Book Review: The She-Hulk Diaries

CURRENT STATUS: No job, no boyfriend, no permanent place to live, no car, and most of my clothes are held together with staples and duct tape. Bank account almost wiped out. Many of my former associates have expressed a desire that I never darken their doorways again for legal and financial reasons.

She-Hulk got us kicked out of the Avengers Mansion. People keep posting videos online of her New Years Eve shenanigans: twirling flaming telephone poles in Times Square, climbing the Empire State Building while dangling Anderson Cooper, dancing wildly at parties, and commandeering a motorcycle cop’s ride to do wheelies across the Brooklyn Bridge.

The-She-Hulk-Diaries_SCWhen I first heard about this book, and the companion Rogue Touch, I admit I was pretty skeptical. Presenting awesome comics characters in a different format = good. Encouraging more women to read comics = good. Turning kickass super heroes into typical romance novel heroines = NOT GOOD.

Then I read this interview with Marta Acosta, the author of The She-Hulk Diaries, and I got much more optimistic. She seems bright and funny, and thoughtful about gender issues. And I find myself much more on board with these books as partly satire.

So because I wanted to share my opinion with you, I picked up a copy of The She-Hulk Diaries a few days after it was released, and tore through it over the weekend. The bottom line: I really enjoyed it. What I’m not totally sure about is how much other people will enjoy it. I think that I might be the perfect target for this book. I love comics and I actually enjoy “chick lit” (a term that I know many hate). I think Bridget Jones’ Diary is a great book, and I adore Ally McBeal – so combining the tone of those two things with She-Hulk was probably going to work for me. Whereas originally I thought that the book might be intended as a gateway for chick lit readers into comics, but after reading the book I wonder if those unfamiliar with the Marvel universe would be frustrated with the lack of explanation. For example, She-Hulk’s backstory isn’t explained at all. If you didn’t know about gamma radiation, or who “Bruce” is, or how the Avengers operate, you might be kind of lost.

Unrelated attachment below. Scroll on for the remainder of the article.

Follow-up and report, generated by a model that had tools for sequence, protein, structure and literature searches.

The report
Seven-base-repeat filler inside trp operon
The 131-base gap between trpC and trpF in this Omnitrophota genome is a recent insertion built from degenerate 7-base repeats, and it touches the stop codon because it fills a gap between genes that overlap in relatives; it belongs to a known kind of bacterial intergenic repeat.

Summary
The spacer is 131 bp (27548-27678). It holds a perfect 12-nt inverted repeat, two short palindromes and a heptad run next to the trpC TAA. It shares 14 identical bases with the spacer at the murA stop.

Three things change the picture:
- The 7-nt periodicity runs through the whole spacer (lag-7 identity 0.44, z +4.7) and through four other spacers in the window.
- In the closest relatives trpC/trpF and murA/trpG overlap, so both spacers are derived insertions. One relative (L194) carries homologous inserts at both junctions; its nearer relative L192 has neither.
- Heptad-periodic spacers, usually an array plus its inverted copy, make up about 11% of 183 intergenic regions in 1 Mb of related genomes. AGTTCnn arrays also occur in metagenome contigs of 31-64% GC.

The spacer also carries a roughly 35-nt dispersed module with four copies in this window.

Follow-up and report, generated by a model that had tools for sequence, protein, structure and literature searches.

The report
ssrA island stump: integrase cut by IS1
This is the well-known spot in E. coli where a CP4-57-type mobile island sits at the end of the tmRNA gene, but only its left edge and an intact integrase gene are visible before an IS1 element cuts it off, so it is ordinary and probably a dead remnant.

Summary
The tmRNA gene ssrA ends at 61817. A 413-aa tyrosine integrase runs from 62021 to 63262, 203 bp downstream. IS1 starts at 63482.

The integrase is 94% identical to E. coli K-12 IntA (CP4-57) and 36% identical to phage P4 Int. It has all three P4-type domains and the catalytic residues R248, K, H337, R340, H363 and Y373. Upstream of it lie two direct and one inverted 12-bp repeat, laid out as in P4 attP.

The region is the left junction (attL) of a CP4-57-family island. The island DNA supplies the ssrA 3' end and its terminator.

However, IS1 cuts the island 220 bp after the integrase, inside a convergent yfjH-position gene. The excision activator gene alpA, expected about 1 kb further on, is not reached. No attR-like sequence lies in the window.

First, the good: I thought the book was really funny, and downright hilarious at points with some nice random details. (Did you know that Tony Stark engineered nanobots that can retrieve wayward sperm?) It’s also a nice mix of the different parts of Jennifer Walters’ life – we get the single girl looking for romance thing, but also a lot about her job and a pretty cool court case, as well as a good amount of action for when She-Hulk comes out to save the day. It’s also nice to see a lot of the mundane details of the Marvel universe that you won’t get in comic books, something that I think is an affordance of this format, and makes me think I might like to see more comicverse novels. There are also some super geeky things about this book besides just the universe. There’s a science-themed rock band featured prominently, with lots of song lyrics about things like zero-sum equations and astrophysics and flesh-eating bacteria. There is also LARPing.

And the bad: Some of the dialogue, especially from the seriously smart Jennifer, comes off as really juvenile. I think the book used up what should have been an allotted quota of “OMG!” very early on. Some might argue that Jennifer spends too much time worrying about her love life, though that doesn’t bother me too much, since she also has a lot of other things that are important to her: like being an awesome lawyer and an awesome super hero. Also, for the serious She-Hulk fans, there are some fairly significant differences between this character and established comics canon. The biggest, I think, is that Jennifer sees She-Hulk as a separate person, kind of like a cool roommate sharing her body. Dr. Jekyll and Mrs. Shulky. Though there are some things about comics Jennifer that I miss, I found that this version of the character was interesting as well.

In short: I found this to be a fun, entertaining book. If She-Hulk as Ally McBeal sounds appealing to you, then you should absolutely give it a try. Or if you don’t know much about She-Hulk and after reading the book want to try her out int he comics, I recommend starting with Single Green Female or Sensational She-Hulk.

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